The Criterion Fiend brings us a restored version of the film, and a few extras. You can’t expect a disc full to the brim, but the scattering of extras here are quite nice.

Fiend was theatrically released in a 1:66 ratio, which is how it is seen here. A couple of minutes of cuts made in both the UK and the US in the 50’s are restored, but apparently they were never substantial (just bits of extra gore, yes, this film has actual gore!) The transfer is mostly very nice indeed. There are some segments here and there that seem to have been skipped by the “MTI Digital Restoration System” showing some grain. At other times you’d swear this was pristine. I should mention, as was the custom in the 50’s and 60’s, some stock footage of jets is used. This still looks like – well – stock footage.

Audio is mono. Fiend runs for a mere 74 minutes, but it’s quite a ride.

The extras include an informative (and rather lengthy) illustrated essay by Bruce Eder (that means, you’re going to be reading it on the screen, hitting the next button to change pages). This talks about the history of the film, and some other films made around the same time, such as “First Man in Space”. Some of the stills are really interesting, such as store fronts from the era, selling horror film memorabilia. Perhaps most interesting are shots of an actual Fiend, that was kept in a case outside the theater in New York when the film was first released. It drew quite a crowd, and apparently had to be removed at the request of the police!

There is also a still gallery, with commentary. Along with this are newspaper ads from the time. These actually are quite fun to read and look through, with the associated lobby cards.

Perhaps the biggest extra is the audio commentary. I am in two minds about this. On the one hand, anything I can learn about the film is okay by me. Most of the principals, of course, are long dead. However, the executive producer is still around. The “commentary” is actually an interview between Richard Gordon (the aforementioned executive producer) and Tom Weaver.

I’ve got to say, this is all a bit disappointing. Basically, the film rolls behind the voices of these two guys chatting. Some of the information is very good, but it is not specific to this film, and is certainly never – not a single time – specific to a scene in the film. They are talking over it – like a couple of annoying patrons sitting behind you at the cinema. This is a pity. In the event, the “commentary” makes a very interesting audio track, but it’s not your typical commentary.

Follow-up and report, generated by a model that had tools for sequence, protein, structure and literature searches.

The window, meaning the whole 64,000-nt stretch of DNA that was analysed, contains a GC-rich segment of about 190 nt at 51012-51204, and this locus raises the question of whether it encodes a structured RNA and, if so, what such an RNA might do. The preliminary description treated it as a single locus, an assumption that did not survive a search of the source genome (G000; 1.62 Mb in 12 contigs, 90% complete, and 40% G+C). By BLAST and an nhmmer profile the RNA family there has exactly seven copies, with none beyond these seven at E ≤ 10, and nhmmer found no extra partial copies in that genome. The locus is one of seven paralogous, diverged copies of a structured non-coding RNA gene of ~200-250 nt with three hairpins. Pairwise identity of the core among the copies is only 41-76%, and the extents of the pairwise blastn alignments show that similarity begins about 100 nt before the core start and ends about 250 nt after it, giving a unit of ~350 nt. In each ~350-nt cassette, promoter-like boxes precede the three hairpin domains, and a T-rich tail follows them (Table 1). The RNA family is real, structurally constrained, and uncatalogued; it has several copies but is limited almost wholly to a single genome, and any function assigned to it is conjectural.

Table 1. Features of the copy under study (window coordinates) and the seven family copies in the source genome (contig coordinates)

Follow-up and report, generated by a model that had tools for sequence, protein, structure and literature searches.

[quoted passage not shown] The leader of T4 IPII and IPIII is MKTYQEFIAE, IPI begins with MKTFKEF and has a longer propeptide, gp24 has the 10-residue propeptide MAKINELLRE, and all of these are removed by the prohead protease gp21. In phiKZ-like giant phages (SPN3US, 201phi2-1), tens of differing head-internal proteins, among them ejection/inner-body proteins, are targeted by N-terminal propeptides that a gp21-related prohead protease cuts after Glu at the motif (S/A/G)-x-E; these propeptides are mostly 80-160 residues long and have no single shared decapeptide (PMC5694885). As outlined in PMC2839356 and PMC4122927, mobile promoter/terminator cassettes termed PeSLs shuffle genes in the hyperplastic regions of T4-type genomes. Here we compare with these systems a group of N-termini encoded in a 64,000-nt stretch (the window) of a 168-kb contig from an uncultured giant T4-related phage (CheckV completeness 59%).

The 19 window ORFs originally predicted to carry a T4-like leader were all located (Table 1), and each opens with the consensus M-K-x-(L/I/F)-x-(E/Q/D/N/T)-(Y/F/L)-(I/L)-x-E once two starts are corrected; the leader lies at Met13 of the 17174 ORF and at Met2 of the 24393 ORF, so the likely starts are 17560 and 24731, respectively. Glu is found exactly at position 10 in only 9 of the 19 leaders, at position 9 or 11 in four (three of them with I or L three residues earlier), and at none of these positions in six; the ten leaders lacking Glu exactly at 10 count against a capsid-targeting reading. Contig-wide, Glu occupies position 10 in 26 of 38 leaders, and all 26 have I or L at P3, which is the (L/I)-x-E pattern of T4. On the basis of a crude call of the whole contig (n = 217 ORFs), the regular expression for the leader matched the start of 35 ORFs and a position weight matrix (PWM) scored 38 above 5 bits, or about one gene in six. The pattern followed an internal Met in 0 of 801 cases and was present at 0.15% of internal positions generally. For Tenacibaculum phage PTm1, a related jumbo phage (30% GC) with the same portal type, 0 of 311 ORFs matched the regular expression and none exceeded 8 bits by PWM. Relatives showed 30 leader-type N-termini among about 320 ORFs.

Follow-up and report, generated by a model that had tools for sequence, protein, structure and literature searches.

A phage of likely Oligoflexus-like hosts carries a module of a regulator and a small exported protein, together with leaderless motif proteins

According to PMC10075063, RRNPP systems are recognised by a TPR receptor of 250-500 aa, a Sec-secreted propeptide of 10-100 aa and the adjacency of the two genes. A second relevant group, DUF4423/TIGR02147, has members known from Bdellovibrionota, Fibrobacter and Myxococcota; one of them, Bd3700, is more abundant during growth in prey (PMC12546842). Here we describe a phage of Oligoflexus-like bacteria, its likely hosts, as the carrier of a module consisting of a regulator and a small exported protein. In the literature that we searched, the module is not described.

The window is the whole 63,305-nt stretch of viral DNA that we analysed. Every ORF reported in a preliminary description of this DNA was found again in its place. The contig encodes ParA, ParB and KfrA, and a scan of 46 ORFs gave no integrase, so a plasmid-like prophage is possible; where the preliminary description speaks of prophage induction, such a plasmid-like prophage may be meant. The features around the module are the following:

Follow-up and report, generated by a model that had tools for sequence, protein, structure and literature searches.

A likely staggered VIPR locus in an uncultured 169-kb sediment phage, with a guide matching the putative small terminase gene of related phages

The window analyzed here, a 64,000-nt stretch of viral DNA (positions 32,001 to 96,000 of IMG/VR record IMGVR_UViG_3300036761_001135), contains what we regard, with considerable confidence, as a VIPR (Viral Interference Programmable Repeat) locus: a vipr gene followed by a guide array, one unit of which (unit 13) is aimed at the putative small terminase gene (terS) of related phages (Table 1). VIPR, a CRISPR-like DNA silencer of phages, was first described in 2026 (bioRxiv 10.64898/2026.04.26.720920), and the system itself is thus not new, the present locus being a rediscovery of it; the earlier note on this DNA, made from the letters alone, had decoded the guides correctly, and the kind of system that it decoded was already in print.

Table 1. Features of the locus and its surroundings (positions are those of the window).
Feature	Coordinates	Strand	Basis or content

There is also a rather fun set of trailers including, of course, Fiend, The Haunted Strangler, Corridors of Blood, First Man in Space and The Atomic Submarine. I have never seen First Man in Space on DVD, but if someone put it out, I’d get it in a heartbeat – it’s great stuff!

The release also comes with a small 6-page booklet, but there’s not a lot there to make this a must.

I remember Fiend being the type of 50’s black and white sci-fi film that was well constructed, entertaining, and yes, strangely believable. You know what? That is exactly what it is. Criterion puts these films out with great transfers, and asks you to pay dearly. Some of the time that extra cost just is not worth it – but in this case (and yes, several others) it most certainly is. I don’t know, I just can’t imagine my collection without a copy of Fiend, a fond friend, that still manages to make me cock my head today – “Wow, they did that!”

If you’ve never seen it, and have an interest in black and white movies from the 50’s, or perhaps if you’re just upset that Jason is now space walking, give Fiend a go. You won’t be disappointed.

Thump Thump Thump Thump Thump Thump Thump.

03-05-2003, 02:16 PM
Thank you, dwatts. This is a film that I loved as a child and I resisted picking up the dvd, because I thought that like most things I re-watch now, my memories have failed me, and they don't live up to esteem I held them with as a child. I now want to buy this disc more than ever. I want to see it again, and judging from your opinion, I, too will probably still love this schlocky 50s classic.

03-06-2003, 05:09 PM
Amen! This disc is one of those buys I absolutely cherish.

03-15-2003, 05:04 AM
On sale right now at dvdplanet.com

04-08-2003, 08:42 AM
Well, you just convinced me to buy this disc. I pondered it when I was at DVD Planet last month but didnt know what to expect. Now that I do I want it.